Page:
Brands play the kids' card right; strike a chord with parents on social

Brands play the kids' card right; strike a chord with parents on social

Author | Priyanka Nair | Friday, Jul 26,2013 8:21 AM

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Brands play the kids' card right; strike a chord with parents on social

Although India is still in a nascent stage when it comes to customising content and advertising on digital, one of the most interesting brand categories that is experimenting on this medium is the kids’ vertical.

Brands are using the Facebook route to strike conversations with parents. exchange4media looks at three different strategies that three kids’ brands initiated recently to target parents...

Celebrity conversations
Parle G recently initiated its digital campaign ‘G Maane Genius’ to strengthen its current campaign ‘Aao Banaye Kal Ke Genius’.

The brand has roped in renowned author Ruskin Bond to be a guest blogger for ‘TheFutureGenius.com’, an interactive portal where parents can interact and share videos, audio clips and documents to showcase their child’s talent.

The site is broadly categorised into four sections: ‘My kid is a genius’, where parents can share their child’s talents; ‘Genius gyan’ that provides expert advice for parents to help discover the genius in their child; ‘Parents quotient’, a learning and discussion forum for parents; and ‘Diary of a genius’ where one can read a daily diary maintained by a child.

Along with Bond, the brand has asked celebrity mother blogger Kiran Manra to write on issues related to parenting. The entire campaign is given an interesting push on Facebook. There are around 152,566 people on Parle G’s Facebook page, with around 8,227 engaging with its various activities.

The campaign actually was kick-started through a digital-first approach, where three teaser videos were released across YouTube, Facebook and Twitter, followed by unveiling of the TVC online. The film was promoted on social media using #BeCurious and #IfIWereAParent tags on Twitter.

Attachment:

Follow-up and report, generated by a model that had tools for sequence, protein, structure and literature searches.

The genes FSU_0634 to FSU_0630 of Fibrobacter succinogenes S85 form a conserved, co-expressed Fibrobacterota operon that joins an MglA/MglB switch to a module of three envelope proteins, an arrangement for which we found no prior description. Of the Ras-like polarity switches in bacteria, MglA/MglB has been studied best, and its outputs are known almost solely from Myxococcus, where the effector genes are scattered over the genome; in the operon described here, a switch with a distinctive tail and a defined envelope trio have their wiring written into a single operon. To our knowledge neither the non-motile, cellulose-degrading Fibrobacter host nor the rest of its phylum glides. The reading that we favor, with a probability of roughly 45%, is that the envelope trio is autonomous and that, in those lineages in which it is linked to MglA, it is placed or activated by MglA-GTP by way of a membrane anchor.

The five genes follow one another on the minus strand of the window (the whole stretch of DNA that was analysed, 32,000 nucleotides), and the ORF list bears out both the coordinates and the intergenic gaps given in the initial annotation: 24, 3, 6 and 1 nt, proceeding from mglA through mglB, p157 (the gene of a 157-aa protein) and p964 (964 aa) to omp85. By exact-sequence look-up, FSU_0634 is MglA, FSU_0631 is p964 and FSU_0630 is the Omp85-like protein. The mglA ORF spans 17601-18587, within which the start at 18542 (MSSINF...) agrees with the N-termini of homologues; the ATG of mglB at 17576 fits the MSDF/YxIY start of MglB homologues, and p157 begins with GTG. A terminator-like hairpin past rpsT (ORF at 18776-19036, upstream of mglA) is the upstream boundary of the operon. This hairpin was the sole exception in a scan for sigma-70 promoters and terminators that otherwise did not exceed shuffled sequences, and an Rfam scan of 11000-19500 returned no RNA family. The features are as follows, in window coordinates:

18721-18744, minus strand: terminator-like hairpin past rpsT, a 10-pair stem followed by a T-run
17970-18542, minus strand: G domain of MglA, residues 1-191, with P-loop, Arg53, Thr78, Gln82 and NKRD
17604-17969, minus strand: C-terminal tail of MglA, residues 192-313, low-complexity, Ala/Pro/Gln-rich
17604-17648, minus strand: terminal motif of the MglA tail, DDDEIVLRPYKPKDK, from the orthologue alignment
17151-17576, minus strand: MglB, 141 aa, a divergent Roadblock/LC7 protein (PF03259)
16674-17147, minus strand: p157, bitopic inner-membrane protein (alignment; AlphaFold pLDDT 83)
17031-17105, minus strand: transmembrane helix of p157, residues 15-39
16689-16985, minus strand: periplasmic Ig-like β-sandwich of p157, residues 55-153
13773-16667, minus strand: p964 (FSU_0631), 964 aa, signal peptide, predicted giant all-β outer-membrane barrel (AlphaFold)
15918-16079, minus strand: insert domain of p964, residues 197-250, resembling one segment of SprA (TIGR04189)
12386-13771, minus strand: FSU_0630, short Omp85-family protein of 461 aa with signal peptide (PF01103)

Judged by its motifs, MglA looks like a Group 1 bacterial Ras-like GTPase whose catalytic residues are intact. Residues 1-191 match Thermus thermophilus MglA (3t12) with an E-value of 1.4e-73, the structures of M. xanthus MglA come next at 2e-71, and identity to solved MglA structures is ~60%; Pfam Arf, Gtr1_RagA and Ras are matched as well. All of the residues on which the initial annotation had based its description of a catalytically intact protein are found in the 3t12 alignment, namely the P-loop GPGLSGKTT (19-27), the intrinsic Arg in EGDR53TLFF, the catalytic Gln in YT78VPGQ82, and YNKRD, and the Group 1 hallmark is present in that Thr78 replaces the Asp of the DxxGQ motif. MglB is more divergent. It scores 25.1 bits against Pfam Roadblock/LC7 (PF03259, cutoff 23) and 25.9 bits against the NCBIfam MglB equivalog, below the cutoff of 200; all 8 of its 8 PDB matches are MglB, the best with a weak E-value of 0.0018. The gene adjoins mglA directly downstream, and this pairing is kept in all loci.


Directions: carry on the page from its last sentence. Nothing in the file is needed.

Watch the video

Feel-good conversations
Kotak Mahindra Bank recently released a TVC for its latest offering ‘Kotak Junior’, a savings bank account product for children, which was populated on various social media platforms. To promote ‘Kotak Junior’, the brand has rolled out an aggressive Facebook campaign.

The Facebook campaign is titled ‘Adventures of My Junior.’ With it, the brand is encouraging parents to share special moments of their kids. It wants to carry out conversations that are engaging and special to parents.

An application is designed on Facebook through which parents can sign up and upload their kid’s pictures, videos and stories that are close to their heart. It is a feel-good campaign in line with the brand’s proposition.

Watch the video

Innovation and interactivity
Kissan, one of the flagship products of Hindustan Unilever, launched an extensive digital campaign last year to activate users to learn more about the brand by growing tomatoes. Tomato seeds were distributed through the morning edition of a leading newspaper. To persuade users to participate and consistently engage with Kissan through this journey, an interactive website was created. The website was greeted by enthusiasm by parents who led their children to grow tomatoes in their own home using the website as a reference point for various aspects – right from planting the seeds to finally plucking the fruits.

It saw almost 80,000 enthusiastic kids participating in the initiative, which has now prompted the brand to launch the second phase of the Kissanpur campaign.

The journey began from sowing tomato seeds, nurturing the saplings, and finally bringing them to maturity. Kissan then chose 100 top growers and used their tomatoes to make their favourite Kissan tomato ketchup, the bottle of which would be named after the kids themselves.

To reach out to more kids and mothers, Kissan distributed tomato seeds in a uniquely designed Kissan ketchup bottle. The new bottle cap transformed into a mini-pot and helped the kids begin their journey.

The entire campaign was pushed aggressively on social media too. Especially on Facebook, parents were asked to share the experiences of their children who were growing the tomatoes. Parents were also directed to the interactive micro site where one could earn point and got a chance to get featured on the site as ‘Little Heroes’.  The campaign has now come to an end but we look forward to much more such innovation in the digital space.

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